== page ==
Someone asked me when, why and how I feed my bees pollen patties. Here’s a photo from one of my first posts about the topic, Adding Pollen Patties. The colony pictured below, by the way, is starving. Usually the way it works is the more bees above the top bars, the less honey there is in the hive (usually, not always).
Adding a pollen patty to a very hungry colony. (February, 2011.)
I’ve written about pollen patties a bunch of times, so I’m likely to repeat myself here. Do a search of “patties” in my little search engine box up at the top for more detailed information with videos and photos and so on. Continue reading →
I was surprised to see some of my bees bringing in pollen today.
Honey bee bringing in pollen on October 25th, 2015 in Flatrock, Newfoundland.
Judging from the colour of the pollen, my guess is that it came from Japanese Knotweed. It could be Honey Clover too. I still see some of that around (what a fantastic plant that is). I saw bees from another hive bringing in yellow pollen, probably from Goldenrod, though it seems late for Goldenrod.
This is the first year I’ve used quarter-inch / 6mm mesh to keep shrews out of my hives. I was told to put the mesh on after the bees have stopped bringing in pollen because supposedly the mesh opening is so small that it knocks the pollen off the bees’ legs as they’re going through it. NOT TRUE. Every bee that came in with pollen today had no problem getting through with the pollen still intact. So…
I’ll put the mesh on during the first week of October for now on and not worry about it. Waiting any longer increases the chances of mice getting in, which I think already happened with at least one of my hives (the bees switched from being really nice to really mean overnight, but that’s another story). Drones can’t get through the quarter-inch mesh and the bees are having a hard time pulling out dead bees through the mesh, but I’m fine with that.
Postscript: I was wrong. Drones can get through the mesh. It’s not easy, but they can do it. Here’s some raw video footage that shows drones going through the mesh along with a few other things. The mesh is an obstacle for some of the bees, but overall I don’t think it’s doing much harm.
DECEMBER 10, 2015: Bees naturally die over the winter and collect at the bottom of the hive. Then worker bees clean out the dead bees on the occasional warm days throughout the winter. The problem I’ve noticed, though I’m not calling it a huge problem just yet, is that the dead bees aren’t being cleared out as they normally would because the 6mm mesh is blocking the way.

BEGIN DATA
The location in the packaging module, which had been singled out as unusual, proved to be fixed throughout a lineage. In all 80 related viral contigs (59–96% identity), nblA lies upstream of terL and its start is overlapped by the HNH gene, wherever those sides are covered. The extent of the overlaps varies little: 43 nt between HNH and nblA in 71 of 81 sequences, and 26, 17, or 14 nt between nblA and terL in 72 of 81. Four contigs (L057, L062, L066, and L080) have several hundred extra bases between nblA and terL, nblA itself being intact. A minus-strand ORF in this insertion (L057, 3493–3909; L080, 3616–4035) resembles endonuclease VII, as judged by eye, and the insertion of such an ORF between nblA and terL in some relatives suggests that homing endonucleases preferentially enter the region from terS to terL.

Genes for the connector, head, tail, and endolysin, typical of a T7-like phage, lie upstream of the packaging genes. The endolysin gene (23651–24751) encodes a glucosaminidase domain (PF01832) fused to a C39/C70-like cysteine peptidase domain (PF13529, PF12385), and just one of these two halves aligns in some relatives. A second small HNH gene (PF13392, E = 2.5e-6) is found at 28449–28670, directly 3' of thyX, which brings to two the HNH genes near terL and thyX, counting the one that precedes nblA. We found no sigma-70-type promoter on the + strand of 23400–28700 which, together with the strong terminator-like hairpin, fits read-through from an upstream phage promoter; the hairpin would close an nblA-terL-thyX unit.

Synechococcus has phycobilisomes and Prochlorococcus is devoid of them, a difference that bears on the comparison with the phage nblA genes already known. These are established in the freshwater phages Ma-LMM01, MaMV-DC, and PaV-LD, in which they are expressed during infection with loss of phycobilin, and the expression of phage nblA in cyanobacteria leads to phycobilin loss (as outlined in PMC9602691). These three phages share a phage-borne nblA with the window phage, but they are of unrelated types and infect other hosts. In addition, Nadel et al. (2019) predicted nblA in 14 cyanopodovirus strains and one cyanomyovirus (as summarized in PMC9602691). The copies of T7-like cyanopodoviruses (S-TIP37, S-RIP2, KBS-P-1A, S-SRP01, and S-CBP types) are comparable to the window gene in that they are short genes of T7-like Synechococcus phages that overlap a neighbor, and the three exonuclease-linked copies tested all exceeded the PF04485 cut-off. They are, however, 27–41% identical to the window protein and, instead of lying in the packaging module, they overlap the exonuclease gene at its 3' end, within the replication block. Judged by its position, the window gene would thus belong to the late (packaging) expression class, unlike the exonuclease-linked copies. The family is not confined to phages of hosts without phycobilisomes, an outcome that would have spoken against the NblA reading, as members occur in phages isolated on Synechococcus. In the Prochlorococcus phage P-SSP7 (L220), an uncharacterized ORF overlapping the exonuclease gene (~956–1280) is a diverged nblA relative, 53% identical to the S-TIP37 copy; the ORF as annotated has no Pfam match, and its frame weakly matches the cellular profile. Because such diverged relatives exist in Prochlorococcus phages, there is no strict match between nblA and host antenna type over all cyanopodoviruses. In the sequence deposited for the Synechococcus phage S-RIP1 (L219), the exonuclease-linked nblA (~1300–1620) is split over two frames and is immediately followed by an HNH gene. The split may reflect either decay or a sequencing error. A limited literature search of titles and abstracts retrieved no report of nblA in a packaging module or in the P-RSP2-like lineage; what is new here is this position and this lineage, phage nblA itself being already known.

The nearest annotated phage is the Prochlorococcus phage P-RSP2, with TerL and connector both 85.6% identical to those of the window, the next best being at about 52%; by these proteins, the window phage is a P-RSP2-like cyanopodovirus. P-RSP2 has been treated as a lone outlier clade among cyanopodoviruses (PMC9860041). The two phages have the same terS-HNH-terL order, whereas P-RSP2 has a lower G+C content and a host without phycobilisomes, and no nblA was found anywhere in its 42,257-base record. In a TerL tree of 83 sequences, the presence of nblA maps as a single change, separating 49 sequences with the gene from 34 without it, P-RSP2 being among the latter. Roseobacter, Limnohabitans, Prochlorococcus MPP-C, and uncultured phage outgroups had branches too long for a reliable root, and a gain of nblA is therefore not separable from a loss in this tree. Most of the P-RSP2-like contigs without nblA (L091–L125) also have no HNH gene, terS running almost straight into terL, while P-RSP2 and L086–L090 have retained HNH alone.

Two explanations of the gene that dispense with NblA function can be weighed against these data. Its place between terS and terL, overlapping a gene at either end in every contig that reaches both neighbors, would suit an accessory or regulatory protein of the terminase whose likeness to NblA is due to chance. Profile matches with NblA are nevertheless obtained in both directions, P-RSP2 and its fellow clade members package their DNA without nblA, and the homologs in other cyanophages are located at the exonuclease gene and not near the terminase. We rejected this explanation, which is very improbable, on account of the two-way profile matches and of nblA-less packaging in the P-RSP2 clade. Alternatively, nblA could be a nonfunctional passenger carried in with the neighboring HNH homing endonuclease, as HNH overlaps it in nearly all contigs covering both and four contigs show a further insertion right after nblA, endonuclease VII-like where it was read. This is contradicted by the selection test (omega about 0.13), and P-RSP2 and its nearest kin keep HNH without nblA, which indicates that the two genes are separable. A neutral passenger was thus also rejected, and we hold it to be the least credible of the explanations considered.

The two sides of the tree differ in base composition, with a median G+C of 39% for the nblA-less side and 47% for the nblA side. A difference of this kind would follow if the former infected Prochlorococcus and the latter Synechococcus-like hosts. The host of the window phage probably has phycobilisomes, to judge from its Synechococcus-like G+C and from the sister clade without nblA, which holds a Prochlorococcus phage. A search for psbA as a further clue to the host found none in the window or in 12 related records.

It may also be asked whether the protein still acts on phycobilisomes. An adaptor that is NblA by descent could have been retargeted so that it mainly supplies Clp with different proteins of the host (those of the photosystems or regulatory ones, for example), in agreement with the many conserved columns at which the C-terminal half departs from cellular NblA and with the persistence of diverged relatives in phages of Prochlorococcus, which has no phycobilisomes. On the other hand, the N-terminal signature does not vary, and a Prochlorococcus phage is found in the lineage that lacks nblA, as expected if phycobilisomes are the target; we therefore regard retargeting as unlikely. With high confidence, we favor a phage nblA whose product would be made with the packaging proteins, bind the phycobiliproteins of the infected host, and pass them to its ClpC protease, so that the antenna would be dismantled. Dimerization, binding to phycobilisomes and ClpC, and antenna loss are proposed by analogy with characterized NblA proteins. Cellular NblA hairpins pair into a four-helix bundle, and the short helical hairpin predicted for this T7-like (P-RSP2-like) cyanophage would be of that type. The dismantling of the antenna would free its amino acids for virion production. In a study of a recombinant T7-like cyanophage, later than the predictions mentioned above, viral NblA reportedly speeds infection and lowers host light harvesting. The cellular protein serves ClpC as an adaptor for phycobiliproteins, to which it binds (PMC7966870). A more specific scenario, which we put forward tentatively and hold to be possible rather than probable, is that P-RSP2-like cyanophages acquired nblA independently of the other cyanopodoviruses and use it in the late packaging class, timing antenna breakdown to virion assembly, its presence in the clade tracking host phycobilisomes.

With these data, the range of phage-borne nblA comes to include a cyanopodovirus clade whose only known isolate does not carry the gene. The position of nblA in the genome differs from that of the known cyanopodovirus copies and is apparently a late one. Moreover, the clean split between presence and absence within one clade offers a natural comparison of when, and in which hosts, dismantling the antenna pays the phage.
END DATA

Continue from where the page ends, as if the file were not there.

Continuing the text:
This wasn’t such an issue earlier in the fall because there weren’t many dead bees laying around and it didn’t seem impossible for the workers to pull the dead bees through the mesh. But the quantity of dead bees alters the equation significantly. There are just too many dead bees and it’s too much work to squeeze each one through a 6mm hole in the mesh. So…
I don’t know. Pulling off the mesh and clearing out the dead bees myself is easy. But stapling the mesh back on causes so much disruption to the bees inside the hive (the bang of the mechanism is so forceful, it might as well be a hammer), that’s just not something I want to do.
So for now I’ll let the dead bees accumulate. The bottom entrances aren’t completely blocked with dead bees yet. Once that happens, though, I’ll have to make a decision. And I’m pretty sure that decision will be to pull the mesh off and clean out the dead bees on a warm day and then staple the mesh back on even if it riles up the bees. If it’s a warm day, the bees will be breaking cluster anyway, so whatever disruption is caused by a staple gun shooting staples into the hive , well, it shouldn’t be too bad.
But I need to come up with something that’s easier to remove and replace so cleaning out the dead bees isn’t such a headache. I don’t know how Michael Bush manages his hives with only top entrances. The bottom of my hives would be carpeted with dead bees by the end of the winter if I couldn’t clean them out. I have no trouble imagining the rotten stink after the dead bees begin to thaw out in the spring. Yuck.
I’ve long heard that sedum plants attract honey bees and other pollinators in a big way, so when I noticed an Autumn Joy sedum, a variant of Hylotelephium telephium, growing beside my new house, I thought I’d witness something great and wonderful. But so far it’s been underwhelming. Bumblebees seem to love it, butterflies, wasps, but not many honey bees.
Honey bee on Autumn Joy in Flatrock, NL (Sept. 20, 2015.)
I’d classify Autumn Joy as a late-season nectar source for honey bees in my area, coming to bloom even later than Japanese Knotweed, which is possibly the very last source of nectar and pollen before the onslaught of winter.